Then along came adrienne maree brown’s non-fiction work, Emergent Strategy. This book was revelatory for me in a number of ways, but one nugget of awakening that it provided me with was the notion that science fiction can be likened to the work of activists. Activism is very much in the business of dreaming of and imagining just, future worlds, and then laying groundwork and taking steps towards actualizing that future. Science fiction does a very similar thing, projecting humanity forwards into new modalities of being, while experimenting with not only how we’d navigate evolved circumstances but also how we would get there in the first place. Making this connection helped me start to see science fiction as a tool to be deployed in the service of imagining our future as a species and how that practice might help us negotiate our current situation here on Earth.
I felt that climate change in particular was an issue that should be recognized as contextualizing all other issues humanity faces today, and with the advent of Climate Fiction, a sub-genre of science fiction that deals with examining the future in relation to the evolving specifics of the climate crisis, it felt appropriate to explore sci-fi vocabularies through this lens. I wanted to take the salience and excitement that people often associate with imaginary and speculative stories and utilize that creative space as an accessible and fun way to engage artistically with climate dialogues.
My new initiative, Dreaming Climate Consciousness, is a process driven exploration of climate conscious dialogues, a creative collaboration where participants build a world together that coalesces into a web of emergent sci-fi narratives. This creative exploration allows participants to bring forward their personal engagements with climate change in a way that can tangibly take shape in creative practice. At the time I am writing this, I have moved through a six-week process with two different groups, and the level of engagement I witnessed from both has been hugely inspiring and enlightening.
When I talk to friends or colleagues about this project, people always ask me what the final product is going be. Although there are characters, micro-narratives, sometimes a larger overarching narrative, and details about how these worlds are defined, to me the process of engaging with the topic in a collaborative fashion IS the product. Climate change to many feels like an impossible issue to face and unfortunately this feeling of not knowing what to do in the face of such an immense problem often stops people from doing anything at all. Cultivating space to safely discuss climate change is an important step towards taking action in the name of climate justice and I’ve done my best to nurture that kind of space here, with exciting results! I’ve found that the participants I worked with over these past months have been quite the experts when it comes to talking about climate change (without being actual climate “experts”) and how they see it affecting their own lives and the lives of others. I created parameters and containers for collaborative engagement that funneled this expertise into an imaginative space, and it was so thrilling to see how these (mostly) strangers found ways to fill that space with such specific and personal vigor, even when the conversations were difficult. Witnessing this gave me such hope towards a continued effort to hold spaces like this, virtually or in person.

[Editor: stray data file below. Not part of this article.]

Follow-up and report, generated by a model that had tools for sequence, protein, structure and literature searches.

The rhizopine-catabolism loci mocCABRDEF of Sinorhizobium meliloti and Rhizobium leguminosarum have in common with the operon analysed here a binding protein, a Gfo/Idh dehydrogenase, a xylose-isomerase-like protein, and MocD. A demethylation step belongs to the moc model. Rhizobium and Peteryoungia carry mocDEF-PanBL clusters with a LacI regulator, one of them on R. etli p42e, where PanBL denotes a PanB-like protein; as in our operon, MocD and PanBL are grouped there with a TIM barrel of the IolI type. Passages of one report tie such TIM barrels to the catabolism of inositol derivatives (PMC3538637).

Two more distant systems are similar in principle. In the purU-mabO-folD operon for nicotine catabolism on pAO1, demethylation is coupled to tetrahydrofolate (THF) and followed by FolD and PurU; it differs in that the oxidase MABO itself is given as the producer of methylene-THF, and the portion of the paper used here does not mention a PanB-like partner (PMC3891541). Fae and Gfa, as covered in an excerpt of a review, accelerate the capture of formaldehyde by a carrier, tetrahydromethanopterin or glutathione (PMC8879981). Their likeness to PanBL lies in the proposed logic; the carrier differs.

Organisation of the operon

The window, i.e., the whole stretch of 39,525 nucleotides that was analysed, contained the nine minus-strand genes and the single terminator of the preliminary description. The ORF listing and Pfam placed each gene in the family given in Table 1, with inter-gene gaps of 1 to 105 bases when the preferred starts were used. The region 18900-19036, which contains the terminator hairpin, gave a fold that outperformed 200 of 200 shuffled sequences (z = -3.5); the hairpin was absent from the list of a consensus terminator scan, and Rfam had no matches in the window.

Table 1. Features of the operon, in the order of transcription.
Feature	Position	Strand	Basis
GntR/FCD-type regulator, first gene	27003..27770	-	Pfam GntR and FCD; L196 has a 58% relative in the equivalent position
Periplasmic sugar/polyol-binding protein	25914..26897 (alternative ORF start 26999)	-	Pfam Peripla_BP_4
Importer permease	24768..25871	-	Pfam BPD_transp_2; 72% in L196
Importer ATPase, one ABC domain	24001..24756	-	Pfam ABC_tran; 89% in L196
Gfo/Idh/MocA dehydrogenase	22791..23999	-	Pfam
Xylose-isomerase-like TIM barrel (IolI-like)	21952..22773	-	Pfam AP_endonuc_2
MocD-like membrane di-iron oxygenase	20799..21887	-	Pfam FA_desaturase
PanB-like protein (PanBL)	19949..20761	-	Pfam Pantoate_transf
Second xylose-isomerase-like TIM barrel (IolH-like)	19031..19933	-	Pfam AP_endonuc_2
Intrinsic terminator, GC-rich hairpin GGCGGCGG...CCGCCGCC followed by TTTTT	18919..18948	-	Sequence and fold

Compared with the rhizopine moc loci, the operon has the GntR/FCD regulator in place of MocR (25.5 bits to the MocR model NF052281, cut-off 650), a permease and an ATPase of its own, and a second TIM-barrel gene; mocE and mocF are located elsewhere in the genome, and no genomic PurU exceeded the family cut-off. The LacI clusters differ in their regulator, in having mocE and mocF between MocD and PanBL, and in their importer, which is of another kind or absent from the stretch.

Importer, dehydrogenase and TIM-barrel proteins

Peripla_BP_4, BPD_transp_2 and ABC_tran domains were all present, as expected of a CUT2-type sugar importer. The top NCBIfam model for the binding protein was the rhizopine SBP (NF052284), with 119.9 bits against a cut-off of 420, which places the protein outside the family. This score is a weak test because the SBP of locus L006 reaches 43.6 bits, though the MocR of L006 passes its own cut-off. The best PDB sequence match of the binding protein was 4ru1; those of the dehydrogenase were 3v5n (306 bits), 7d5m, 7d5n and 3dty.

This initial exploration of the project, due to COVID-19, had to unfold virtually and I’m glad it did. Both groups of people were gathered from all across Canada and during each workshop the sense of connection generated was beautiful to see. Each group left the process feeling like they had formed a new community, and there have been efforts to remain in dialogue even beyond the scope of the workshops themselves. This ability to connect from all across the country was also instrumental in folding in perspectives on climate change that come from rural areas that have very different relationships to the unfolding climate crisis. These perspectives held such value as the groups were building sci-fi worlds that incorporated both urbanized living and rural existences that are, seemingly anyway, more directly tethered to the land and natural systems. These differing perspectives created a wonderful diversity of entry points into the work; from spiritual, deep dives into evolving relationships with nature, to practical, and sometimes dystopian, extensions of society’s current systems and structures. There was room to explore both a seemingly unattainable utopian ideal and a more realistic engagement with a not so distant future. One group even broke down conceptions and perceptions of time so their narratives could explore the far-future and the near-future simultaneously.